The cookie skillet “a la mode” is admittedly delicious, but it’s a dish that’s hard to screw up. Think vanilla ice cream melting into the warm, molten nooks of a chocolate chip cookie, sizzling with crisp buttery edges that hide a soft, doughy inside. For sober pals and underage buddies, this dessert is a nice alternative to the classic “big beer.” It’s also reasonably priced at $6 per skillet that’s big enough to share.

And if you order a beer, make sure to tip Rachel.


Film Review: “Everything Is Copy”

From Creative Commons/Flickr

Nora Ephron. For most college students, the name rings like a faint hourly bell, dull and distant, just frequent enough to take notice. The screenwriter behind “When Harry Met Sally”? The author of Heartburn? Yes, and yes. The feared and revered literary icon, the unabashedly honest feminist, the self-proclaimed “relationship expert”? I had no idea.

The documentary opens with Nora Ephron reading an essay on an important family mantra, one recited by generations of Ephron women. A running ribbon throughout her wildly public life and puzzlingly private death, it’s also the title of this film: “Everything Is Copy.”

Using Nora’s life as “copy” for the script, Director Noah Bernstein take a page from her family book. It’s fitting. He’s her son.

We hear Bernstein’s voice in the narration; we see him on the screen. A journalist by training, he initially admits his discomfort with putting himself in the story.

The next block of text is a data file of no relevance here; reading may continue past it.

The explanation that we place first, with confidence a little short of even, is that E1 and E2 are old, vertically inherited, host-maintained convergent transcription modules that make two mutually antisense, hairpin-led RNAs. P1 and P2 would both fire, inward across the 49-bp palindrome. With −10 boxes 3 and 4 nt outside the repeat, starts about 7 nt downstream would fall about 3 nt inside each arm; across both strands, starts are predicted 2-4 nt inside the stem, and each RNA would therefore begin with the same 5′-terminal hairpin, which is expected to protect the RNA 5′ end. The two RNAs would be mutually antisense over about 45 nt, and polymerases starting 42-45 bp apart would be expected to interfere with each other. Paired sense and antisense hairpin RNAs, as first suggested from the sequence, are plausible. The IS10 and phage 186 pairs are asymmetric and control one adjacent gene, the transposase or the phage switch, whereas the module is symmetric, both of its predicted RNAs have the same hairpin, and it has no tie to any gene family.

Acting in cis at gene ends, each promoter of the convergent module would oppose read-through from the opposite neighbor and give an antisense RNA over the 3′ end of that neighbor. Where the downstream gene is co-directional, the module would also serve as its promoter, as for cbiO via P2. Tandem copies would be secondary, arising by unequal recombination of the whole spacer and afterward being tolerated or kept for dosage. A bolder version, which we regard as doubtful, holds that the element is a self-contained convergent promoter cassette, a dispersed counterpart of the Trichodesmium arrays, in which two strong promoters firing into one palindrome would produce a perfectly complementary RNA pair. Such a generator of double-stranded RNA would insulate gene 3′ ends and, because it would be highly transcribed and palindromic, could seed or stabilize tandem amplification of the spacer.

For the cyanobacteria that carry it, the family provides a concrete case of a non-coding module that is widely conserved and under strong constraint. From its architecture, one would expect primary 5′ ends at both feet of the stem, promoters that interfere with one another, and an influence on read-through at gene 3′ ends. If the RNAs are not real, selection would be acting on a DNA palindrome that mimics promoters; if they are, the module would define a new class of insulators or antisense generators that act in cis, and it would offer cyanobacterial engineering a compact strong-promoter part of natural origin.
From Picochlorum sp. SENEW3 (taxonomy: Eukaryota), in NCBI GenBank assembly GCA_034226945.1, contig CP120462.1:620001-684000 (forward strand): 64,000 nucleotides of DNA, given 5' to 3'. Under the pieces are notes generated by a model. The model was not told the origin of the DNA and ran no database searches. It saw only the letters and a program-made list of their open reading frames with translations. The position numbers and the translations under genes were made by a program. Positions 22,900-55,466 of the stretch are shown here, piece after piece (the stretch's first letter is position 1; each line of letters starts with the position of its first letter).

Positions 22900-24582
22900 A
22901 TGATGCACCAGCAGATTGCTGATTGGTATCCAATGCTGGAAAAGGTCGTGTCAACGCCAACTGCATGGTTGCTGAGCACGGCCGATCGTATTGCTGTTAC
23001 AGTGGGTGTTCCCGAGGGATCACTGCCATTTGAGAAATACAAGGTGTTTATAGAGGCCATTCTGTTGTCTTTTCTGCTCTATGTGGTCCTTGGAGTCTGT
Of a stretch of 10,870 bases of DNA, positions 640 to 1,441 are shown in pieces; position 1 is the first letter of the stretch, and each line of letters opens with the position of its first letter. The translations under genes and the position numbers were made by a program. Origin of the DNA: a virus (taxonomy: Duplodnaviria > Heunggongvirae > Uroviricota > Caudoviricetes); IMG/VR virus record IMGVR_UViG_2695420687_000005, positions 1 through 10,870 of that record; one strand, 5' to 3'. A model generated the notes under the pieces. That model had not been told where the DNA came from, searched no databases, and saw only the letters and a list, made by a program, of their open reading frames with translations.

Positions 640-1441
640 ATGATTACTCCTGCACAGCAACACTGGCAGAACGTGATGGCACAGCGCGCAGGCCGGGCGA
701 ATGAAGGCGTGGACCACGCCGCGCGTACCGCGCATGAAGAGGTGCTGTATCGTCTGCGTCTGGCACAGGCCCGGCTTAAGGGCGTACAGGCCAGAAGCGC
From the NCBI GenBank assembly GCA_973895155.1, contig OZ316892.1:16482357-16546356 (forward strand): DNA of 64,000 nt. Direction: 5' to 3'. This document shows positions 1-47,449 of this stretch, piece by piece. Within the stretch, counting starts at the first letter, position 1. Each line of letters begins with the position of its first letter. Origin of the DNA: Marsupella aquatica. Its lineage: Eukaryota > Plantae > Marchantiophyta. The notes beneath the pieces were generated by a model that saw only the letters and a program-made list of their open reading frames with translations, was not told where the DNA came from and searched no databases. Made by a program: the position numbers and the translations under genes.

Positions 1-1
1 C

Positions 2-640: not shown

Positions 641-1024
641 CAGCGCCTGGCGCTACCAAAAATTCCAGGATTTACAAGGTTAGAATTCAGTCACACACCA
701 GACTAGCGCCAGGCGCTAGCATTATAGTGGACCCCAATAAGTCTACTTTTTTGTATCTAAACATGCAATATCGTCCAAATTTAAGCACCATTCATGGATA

Maybe he shouldn’t have admitted it so early on, right after the opening credits, because the early interview scenes, him sitting across the couch from Delia Ephron, appear forced and awkward. It’s as if his admitted uneasiness of putting himself in the film is contagious. Every time I heard him ask a question, I squirmed. Every time he appeared on screen, I cringed. When the camera finally cut from the couch to Delia’s face, I sighed in relief.

But maybe that was the point. This film isn’t just about Nora Ephron as the writer, sister, friend and wife, but about a son coming to terms with his mother’s sudden death. Ephron suffered from a blood disorder that she kept secret from him (and most of the world) for many years, before succumbing to leukemia in 2008.